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Turkey, Thanksgiving And Sleep

Dr. Stuart Lehrman, Pulmonologist and Director of the Sleep Center at Westchester Medical Center, says several factors contribute to drowsiness on Thanksgiving Day.
Dr. Stuart Lehrman, Pulmonologist and Director of the Sleep Center at Westchester Medical Center, says several factors contribute to drowsiness on Thanksgiving Day. Photo Credit: Contributed

WESTCHESTER COUNTY, N.Y. -- Turkey is often blamed for the after dinner lethargic feeling we may experience at our Thanksgiving dinner.

However, the truth of the matter is that you could skip the beloved, tender and juicy great American national bird all together and still feel the lingering effects of the annual celebratory feast of the harvest.

Alcohol and overeating, two very common factors often found in Thanksgiving Day sleep induced post turkey consumption are most probably more often than not the real issue.

While turkey contains L-tryptophan, an essential amino acid with documented sleep inducing properties, it needs to be taken on an empty stomach and without any other amino acids or protein in order to make you feel drowsy. There's lots of protein in a serving of turkey and it's probably not the only food on the table.

If alcohol is part of the mix, there is almost sure to be an increase in the after dinner naps.  As for the overeating part -- well, it takes a huge amount of energy to digest any large meal, whether it includes turkey or not.

“When your stomach is full, the body shunts blood away from other body organs including the central nervous system to aid in the digestion process,” said Dr. Stuart Lehrman, Pulmonologist and Director of the Sleep Center at Westchester Medical Center.  “The result is an incredible desire to retire to the couch immediately and nap, especially if your meal was rich in fats and carbohydrates.”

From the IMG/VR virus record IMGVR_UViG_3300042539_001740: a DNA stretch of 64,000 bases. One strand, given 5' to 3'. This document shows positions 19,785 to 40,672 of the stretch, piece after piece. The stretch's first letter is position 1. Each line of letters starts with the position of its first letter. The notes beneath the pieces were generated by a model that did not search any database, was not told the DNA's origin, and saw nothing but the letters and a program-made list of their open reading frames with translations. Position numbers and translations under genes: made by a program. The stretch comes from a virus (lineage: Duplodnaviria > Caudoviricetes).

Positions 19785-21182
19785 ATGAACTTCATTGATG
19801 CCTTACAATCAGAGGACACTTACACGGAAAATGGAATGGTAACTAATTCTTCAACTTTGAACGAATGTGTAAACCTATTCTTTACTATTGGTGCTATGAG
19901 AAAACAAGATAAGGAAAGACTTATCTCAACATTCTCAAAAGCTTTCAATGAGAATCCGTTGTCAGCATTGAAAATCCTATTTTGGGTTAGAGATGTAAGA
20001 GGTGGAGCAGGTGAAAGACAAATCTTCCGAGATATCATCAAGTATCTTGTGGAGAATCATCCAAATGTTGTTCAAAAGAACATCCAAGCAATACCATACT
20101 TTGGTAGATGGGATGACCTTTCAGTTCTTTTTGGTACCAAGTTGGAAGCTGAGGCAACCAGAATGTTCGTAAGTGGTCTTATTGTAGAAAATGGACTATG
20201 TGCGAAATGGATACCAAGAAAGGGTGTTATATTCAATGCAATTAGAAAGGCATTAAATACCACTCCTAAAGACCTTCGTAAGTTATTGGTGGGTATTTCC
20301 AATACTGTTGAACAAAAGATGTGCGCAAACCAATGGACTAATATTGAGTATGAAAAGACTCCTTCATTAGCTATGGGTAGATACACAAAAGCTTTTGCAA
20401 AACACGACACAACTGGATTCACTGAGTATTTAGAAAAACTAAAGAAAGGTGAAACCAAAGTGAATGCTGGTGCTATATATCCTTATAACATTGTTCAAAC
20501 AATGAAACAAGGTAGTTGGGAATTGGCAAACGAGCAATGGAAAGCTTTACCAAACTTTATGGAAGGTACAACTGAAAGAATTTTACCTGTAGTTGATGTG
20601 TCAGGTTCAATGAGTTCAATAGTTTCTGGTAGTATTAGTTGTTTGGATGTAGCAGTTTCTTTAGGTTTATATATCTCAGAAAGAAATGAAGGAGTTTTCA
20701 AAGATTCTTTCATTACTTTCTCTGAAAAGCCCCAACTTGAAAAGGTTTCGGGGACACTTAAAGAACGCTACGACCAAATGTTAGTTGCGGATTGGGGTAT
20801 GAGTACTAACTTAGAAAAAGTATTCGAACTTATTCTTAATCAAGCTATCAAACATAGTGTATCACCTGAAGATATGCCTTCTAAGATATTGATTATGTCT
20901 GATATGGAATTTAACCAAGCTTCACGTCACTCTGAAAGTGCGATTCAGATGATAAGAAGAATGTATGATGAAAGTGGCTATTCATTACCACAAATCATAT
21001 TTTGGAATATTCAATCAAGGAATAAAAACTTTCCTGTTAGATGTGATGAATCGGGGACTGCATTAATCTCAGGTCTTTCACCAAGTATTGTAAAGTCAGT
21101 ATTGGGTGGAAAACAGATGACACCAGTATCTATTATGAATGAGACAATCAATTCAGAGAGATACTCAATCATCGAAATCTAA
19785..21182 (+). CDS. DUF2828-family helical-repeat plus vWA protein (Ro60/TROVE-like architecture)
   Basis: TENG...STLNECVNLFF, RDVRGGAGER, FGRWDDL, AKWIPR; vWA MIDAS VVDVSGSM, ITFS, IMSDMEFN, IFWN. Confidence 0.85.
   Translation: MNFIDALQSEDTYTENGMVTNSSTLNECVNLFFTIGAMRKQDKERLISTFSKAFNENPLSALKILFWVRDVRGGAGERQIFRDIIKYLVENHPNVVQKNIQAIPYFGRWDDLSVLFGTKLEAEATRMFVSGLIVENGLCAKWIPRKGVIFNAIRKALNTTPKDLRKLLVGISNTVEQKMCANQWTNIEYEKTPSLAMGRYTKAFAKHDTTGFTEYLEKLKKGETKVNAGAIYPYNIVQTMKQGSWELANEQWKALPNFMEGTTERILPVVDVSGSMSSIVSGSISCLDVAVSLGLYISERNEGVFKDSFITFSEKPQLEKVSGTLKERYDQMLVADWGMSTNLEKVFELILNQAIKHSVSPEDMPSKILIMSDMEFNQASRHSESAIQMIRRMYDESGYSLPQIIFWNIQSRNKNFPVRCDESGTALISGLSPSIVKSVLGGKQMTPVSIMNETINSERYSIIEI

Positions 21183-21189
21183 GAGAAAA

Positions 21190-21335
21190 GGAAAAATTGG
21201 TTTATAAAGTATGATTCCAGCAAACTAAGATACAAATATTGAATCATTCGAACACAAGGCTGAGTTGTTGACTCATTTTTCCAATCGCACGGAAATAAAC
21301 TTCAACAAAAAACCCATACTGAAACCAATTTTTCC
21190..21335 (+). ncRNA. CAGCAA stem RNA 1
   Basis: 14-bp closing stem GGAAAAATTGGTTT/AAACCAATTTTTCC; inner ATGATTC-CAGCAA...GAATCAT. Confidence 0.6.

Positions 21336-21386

It's also interesting to note that tryptophan competes with all of the body's other amino acids to enter the brain and that many other foods contain just as much or more tryptophan than turkey which has about a 1/3g of tryptophan per 100 grams.  Some of these foods include chicken, pork and cheese.  However, a cheese sandwich doesn’t seem to make you sleepy.

So it is often really the overeating of carbohydrates like the stuffing, mashed potatoes, crackers, cookies, cakes and yams that are the real culprit here.  Most medical experts would agree any big meal containing tryptophan combined with lots of carbohydrates might trigger sleepiness — not just turkey. Dr. Lehrman adds, “And of course on Thanksgiving, there are many other factors that can contribute to feelings of tiredness like long road trips and alcohol consumption.”

For most people sleepiness is not just caused by overeating.  Nearly 1 in 10 people will experience a sleep disorder in their lifetime with the majority going undiagnosed.  The Sleep Center at Westchester Medical Center is a full-service, state-of-the-art laboratory equipped to treat a wide range of sleep disorders in both adults and children. To learn more visit: http://www.westchestermedicalcenter.org/SleepCenter

Daily Voice produced this article as part of a paid Content Partnership with our advertiser, Westchester Medical Center

We are highly selective with our Content Partners, and only share stories that we believe are truly valuable to the communities we serve.

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